Members of Lod’s Gar’in Torahni on the trail of the Palestinian “Nakba”
By: Maria Za'arur
30/09/2012
A yarmulke-wearing participant in Zochrot’s tour of Lod. No farther (photo: Kobi Ko’anks)

This article was first published on 19.10.2012 at Yedi'ot Hashfela

They went from house to house, from alley to alley, stopping again and again to tell the story.  Thus, in total silence, 40 current and former residents of Lod, Jews and Arabs, participated in a memorial procession organized by Zochrot through what it calls “Lod’s Nakba.”  The tour referred to what occurred in July, 1948, when the town emptied of its Arab residents during “Operation Dani,” commanded by Moshe Dayan.

“Lod’s story is one of the toughest ones.  A cruel expulsion, ethnic cleansing, murder and capture of the town,” according to the guide, Umar Al-Ghubari, whose harsh words left many participants open-mouthed, awaiting an explanation.  “The Nakba hurt the residents of Lod more than anyone.  Most of them were farmers.  Lod’s lands extended to Ramleh and Abbasiyya (today’s Neve Monson – MZ).  The airport is also on Lod’s land, a very valuable fertile area.  The residents of Lod were expelled and reached Ramallah and its surrounding villages; they weren’t able to find other jobs.”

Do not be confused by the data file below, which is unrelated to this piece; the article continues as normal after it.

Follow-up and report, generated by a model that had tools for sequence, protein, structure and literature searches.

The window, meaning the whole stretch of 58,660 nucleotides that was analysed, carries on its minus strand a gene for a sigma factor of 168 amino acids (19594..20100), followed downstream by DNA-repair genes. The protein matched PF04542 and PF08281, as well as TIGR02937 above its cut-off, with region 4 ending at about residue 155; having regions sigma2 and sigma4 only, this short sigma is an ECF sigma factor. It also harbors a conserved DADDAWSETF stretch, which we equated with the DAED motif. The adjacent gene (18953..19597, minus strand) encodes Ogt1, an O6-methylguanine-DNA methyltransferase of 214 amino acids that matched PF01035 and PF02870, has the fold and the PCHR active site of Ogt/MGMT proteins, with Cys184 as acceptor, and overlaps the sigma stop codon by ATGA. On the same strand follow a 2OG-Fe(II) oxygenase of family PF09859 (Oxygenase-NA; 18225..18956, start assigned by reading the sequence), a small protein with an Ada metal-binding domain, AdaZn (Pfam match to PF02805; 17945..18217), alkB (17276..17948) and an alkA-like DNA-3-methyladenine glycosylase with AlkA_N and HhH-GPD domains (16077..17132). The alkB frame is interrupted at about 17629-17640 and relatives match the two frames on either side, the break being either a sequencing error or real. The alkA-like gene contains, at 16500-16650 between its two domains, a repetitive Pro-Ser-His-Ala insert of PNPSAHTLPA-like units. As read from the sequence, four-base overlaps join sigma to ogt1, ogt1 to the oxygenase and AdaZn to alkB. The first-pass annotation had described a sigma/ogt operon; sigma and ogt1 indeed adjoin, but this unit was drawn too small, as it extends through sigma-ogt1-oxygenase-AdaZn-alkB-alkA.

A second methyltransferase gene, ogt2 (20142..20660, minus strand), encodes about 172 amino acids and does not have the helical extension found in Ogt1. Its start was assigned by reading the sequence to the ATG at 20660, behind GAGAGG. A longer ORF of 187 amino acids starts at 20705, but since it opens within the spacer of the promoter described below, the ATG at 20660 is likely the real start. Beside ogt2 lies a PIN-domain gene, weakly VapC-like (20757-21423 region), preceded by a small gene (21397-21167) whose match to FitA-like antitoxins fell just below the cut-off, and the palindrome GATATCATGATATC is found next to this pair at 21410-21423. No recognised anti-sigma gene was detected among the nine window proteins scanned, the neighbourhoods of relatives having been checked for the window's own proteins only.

This was my house
The tour began opposite the town hall, which had originally been owned by the Masih or the Alsabah family before it was renovated, adding upper floors.  An old woman, Diana Abu Tabih Karkar, arrived, unable to contain her emotions.  “In 1948 I lived here with my husband and his family,” she said, pointing to the building to the left of the town hall.  “The Jews expelled us from our home; we rode toward Ben Shemen, but the soldiers returned us to Lod.  We were forced to live for a year in the Orthodox church, forbidden to approach our home.  When we asked to go back we found that Jews had been moved in, so we bought it from them.”